The facility has seen significant work over the past several years. The city of Haverhill recently donated about $500 worth of material and labor to repair a fence and gate on the property.
“There’s a lot of sweat equity invested in it,” Savage said. “You can’t just come in and shoot. You have to bring something to the table.”
The U.S. Postal Inspection Service provides the targets.
“We entered into an agreement with the chief,” Postal Inspector Sean Dever said. “We’ll come down, donate supplies like cardboard, the frames, if you let us shoot here.”
About a dozen inspectors were at the site earlier this week for their biannual requalification training. They used handguns at different ranges, firing while standing, crouched and prone to the ground.
The site is perfect for postal inspectors, due to its outdoor nature, where they hold training rain or shine.
“Our operators and agents have to come out. It doesn’t matter if it’s raining, snowing,” Dever said. “We can’t dictate when a firefight is going to happen. That’s realistic. That’s real life.”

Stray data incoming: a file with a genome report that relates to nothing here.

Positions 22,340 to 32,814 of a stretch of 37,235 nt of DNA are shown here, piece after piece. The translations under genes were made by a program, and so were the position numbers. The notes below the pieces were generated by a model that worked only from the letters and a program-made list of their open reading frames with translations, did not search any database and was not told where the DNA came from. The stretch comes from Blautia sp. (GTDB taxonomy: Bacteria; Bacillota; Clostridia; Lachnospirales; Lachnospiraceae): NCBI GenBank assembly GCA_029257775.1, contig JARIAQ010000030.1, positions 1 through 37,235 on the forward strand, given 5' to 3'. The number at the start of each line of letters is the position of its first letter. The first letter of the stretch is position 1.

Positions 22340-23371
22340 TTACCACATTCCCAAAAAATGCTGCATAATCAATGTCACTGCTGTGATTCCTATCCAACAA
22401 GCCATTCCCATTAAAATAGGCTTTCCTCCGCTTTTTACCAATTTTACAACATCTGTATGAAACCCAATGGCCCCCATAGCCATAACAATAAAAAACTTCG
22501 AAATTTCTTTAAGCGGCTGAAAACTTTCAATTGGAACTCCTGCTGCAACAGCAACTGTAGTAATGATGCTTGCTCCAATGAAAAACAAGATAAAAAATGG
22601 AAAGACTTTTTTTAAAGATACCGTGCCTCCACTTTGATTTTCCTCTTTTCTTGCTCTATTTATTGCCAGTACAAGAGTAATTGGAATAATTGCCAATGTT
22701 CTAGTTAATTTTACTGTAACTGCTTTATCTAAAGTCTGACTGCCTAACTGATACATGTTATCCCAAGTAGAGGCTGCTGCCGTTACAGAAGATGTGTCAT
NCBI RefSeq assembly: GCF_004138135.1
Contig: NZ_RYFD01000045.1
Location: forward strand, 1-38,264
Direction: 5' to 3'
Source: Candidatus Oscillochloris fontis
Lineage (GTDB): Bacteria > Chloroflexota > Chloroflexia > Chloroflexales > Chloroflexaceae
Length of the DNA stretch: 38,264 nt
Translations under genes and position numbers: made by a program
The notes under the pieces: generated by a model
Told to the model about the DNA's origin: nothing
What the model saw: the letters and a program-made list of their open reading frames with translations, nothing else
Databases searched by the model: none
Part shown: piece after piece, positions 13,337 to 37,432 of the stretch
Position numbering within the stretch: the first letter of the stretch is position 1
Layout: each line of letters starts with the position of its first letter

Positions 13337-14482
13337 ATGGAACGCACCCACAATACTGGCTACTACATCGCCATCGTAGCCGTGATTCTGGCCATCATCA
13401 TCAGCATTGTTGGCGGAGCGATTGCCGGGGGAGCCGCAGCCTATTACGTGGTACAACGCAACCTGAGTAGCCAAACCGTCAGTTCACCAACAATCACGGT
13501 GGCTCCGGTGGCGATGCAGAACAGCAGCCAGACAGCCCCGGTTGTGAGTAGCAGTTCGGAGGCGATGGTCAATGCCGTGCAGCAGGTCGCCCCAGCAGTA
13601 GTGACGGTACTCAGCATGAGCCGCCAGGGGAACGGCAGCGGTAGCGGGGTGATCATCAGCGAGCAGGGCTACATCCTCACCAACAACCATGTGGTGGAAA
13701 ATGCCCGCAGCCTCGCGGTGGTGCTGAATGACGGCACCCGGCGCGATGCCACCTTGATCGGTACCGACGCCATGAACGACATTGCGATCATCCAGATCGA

Having a building nearby with an outdoor canopy helps for training in extreme weather like blinding snow.
“To have somewhere you can go out and shoot, and then come in from the elements, is huge,” Dever said.
The agency is looking forward to pitching in for the facility’s next major upgrade: a new rifle range.
Right now, the rifle range is just an area of dirt with some marked stakes sticking out of the ground.
Once completed, it could provide adequate training for snipers shooting from 100 yards away, Dever said.
Savage is eyeing the addition of a rifle range, too. But his first priority is paving the existing range, which has enough space for targets up to about 25 yards away.